A new version of my standard granola bar recipe!
Do you ever forget about a food you used to love? I do. This time it was molasses. The last time I ran out I never replaced my bottle and as the old saying “out of sight, out of mind” rings true, it hasn’t been in my cupboard and I haven’t been enjoying molasses for many months.
So I bought some.
If you think molasses is nothing but pure sugar think again. Molasses is actually a nutrient-rich food that is a by-product of the refining of white sugar. It’s the good stuff taken from sugarcane so that the white granules with zero nutritional value can be added to just about everything in our food supply! Makes a lot of sense, right? Noooo, of course it doesn’t. Look for blackstrap molasses which is the result of the final processing of sugarcane and is the thickest and most nutrient-dense type of molasses.
According to the nutritional fact panel on my bottle from Wholesome Sweeteners, one tablespoon has 15% of your daily iron needs, 20% of your daily potassium and 10% of your daily calcium. Not too shabby.
Anybody out there with low iron levels? Try adding a spoonful of blackstrap molasses to your oatmeal in the morning. Or whip up a batch of these sweet, yummy granola bars…
Molasses-Ginger-Pecan Granola Bars
1. Mix dry ingredients in a large bowl:
- 2 cups rolled oats
- 1 cup pecans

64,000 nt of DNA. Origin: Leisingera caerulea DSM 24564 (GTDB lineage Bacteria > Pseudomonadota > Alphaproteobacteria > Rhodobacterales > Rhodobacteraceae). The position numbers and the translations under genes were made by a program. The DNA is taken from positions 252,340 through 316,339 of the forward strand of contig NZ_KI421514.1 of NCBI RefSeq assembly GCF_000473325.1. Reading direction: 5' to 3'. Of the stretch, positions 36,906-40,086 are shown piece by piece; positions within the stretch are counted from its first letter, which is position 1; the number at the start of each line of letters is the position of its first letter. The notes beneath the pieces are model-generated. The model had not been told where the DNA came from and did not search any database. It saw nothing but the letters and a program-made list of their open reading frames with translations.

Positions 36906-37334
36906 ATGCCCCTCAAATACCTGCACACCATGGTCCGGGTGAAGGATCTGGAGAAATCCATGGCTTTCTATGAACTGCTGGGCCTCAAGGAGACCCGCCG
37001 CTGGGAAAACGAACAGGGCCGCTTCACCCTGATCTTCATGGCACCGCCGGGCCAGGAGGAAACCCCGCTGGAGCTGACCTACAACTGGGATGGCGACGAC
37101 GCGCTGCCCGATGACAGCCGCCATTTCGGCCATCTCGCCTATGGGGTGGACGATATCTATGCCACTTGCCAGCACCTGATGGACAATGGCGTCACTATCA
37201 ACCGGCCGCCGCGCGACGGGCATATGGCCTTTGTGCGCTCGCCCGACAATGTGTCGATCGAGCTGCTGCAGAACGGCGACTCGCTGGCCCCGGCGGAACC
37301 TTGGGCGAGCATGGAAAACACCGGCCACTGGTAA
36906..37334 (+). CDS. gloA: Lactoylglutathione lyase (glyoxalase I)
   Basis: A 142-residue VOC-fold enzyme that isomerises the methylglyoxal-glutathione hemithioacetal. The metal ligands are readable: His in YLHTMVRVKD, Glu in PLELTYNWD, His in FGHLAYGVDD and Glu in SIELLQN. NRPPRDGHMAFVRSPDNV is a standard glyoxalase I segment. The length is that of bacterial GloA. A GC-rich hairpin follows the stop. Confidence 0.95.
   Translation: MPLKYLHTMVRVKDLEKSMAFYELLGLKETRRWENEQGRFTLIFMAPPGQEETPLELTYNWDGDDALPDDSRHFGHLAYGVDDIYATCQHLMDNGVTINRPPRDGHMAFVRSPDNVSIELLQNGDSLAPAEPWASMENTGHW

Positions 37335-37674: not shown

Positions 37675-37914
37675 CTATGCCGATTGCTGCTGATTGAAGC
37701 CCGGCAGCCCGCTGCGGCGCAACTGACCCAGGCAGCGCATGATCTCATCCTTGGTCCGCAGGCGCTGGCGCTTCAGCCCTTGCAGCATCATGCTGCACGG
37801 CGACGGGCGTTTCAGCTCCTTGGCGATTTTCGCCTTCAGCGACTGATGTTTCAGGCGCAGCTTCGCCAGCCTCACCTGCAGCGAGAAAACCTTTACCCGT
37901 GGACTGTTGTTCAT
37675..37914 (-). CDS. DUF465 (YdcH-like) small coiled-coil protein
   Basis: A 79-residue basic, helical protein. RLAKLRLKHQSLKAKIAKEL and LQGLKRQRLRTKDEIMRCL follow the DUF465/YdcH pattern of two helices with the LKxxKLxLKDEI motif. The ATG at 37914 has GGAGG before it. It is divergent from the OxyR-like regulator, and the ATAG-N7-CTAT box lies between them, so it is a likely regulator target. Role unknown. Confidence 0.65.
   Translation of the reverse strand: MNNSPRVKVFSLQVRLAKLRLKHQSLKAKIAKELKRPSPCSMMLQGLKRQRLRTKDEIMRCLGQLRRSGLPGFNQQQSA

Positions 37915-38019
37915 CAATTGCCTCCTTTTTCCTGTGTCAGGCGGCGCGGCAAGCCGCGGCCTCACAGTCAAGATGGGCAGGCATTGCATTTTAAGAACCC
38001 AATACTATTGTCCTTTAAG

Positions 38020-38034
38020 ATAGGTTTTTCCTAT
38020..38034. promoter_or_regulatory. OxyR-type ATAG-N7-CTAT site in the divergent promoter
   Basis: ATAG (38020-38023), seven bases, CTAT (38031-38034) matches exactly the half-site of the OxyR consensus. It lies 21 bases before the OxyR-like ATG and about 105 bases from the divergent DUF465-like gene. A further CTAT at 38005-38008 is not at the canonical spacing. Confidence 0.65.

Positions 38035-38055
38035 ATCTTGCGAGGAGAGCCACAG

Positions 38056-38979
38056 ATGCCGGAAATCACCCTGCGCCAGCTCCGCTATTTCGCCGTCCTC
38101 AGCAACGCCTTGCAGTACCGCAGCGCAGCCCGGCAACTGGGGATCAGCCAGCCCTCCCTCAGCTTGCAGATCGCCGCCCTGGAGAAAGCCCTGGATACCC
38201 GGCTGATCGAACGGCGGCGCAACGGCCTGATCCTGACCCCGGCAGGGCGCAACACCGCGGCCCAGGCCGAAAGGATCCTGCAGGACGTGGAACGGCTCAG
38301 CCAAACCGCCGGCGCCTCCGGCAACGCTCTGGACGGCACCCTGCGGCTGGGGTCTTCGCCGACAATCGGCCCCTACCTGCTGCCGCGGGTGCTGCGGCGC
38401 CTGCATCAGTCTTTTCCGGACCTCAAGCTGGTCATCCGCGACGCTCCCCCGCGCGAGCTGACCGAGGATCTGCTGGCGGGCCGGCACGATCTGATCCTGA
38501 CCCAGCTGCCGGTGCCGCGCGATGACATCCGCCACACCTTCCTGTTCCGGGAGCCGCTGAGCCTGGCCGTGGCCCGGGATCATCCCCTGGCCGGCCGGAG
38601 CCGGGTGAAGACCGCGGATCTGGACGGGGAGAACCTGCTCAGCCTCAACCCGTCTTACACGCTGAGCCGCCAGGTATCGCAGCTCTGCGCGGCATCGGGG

- 1/2 cup raw buckwheat groats (can sub ground flax, extra rolled oats, etc)
- 1/2 cup raisins
- Ground dried ginger (1-2 teaspoons or to taste)
- Dash of sea salt (optional)
2. Stir wet ingredients over low heat in a saucepan until combined:
- 1/2 cup peanut butter
- 1/2 cup blackstrap molasses and maple syrup (total, not of each. Fill 1/2 cup measure 3/4 full of molasses and 1/4 maple syrup– or use 1/4 cup of each, but I was going for a strong molasses flavor!)
- 1/3 cup coconut butter (soften first by placing jar in a bowl of hot water or microwave)
3. Pour wet ingredients into bowl of dry ingredients and mix until well incorporated. Spoon mixture into 8”X8” pan and press down evenly and hard with the back of a spatula. Or just use your fingers- wetting fingertips helps to lessen the mixture from sticking to you. Be sure to press down well so that they will stick together once chilled. Place in fridge to set and cut into bars when cool.
This recipe will make 9 bars.
Did you know that in 1919 there was a Molasses Flood in Boston?! A huge storage tank burst sending molasses flooding the streets at 35 mph. Buildings were demolished, 21 people (and many horses) were killed and 150 people were injured.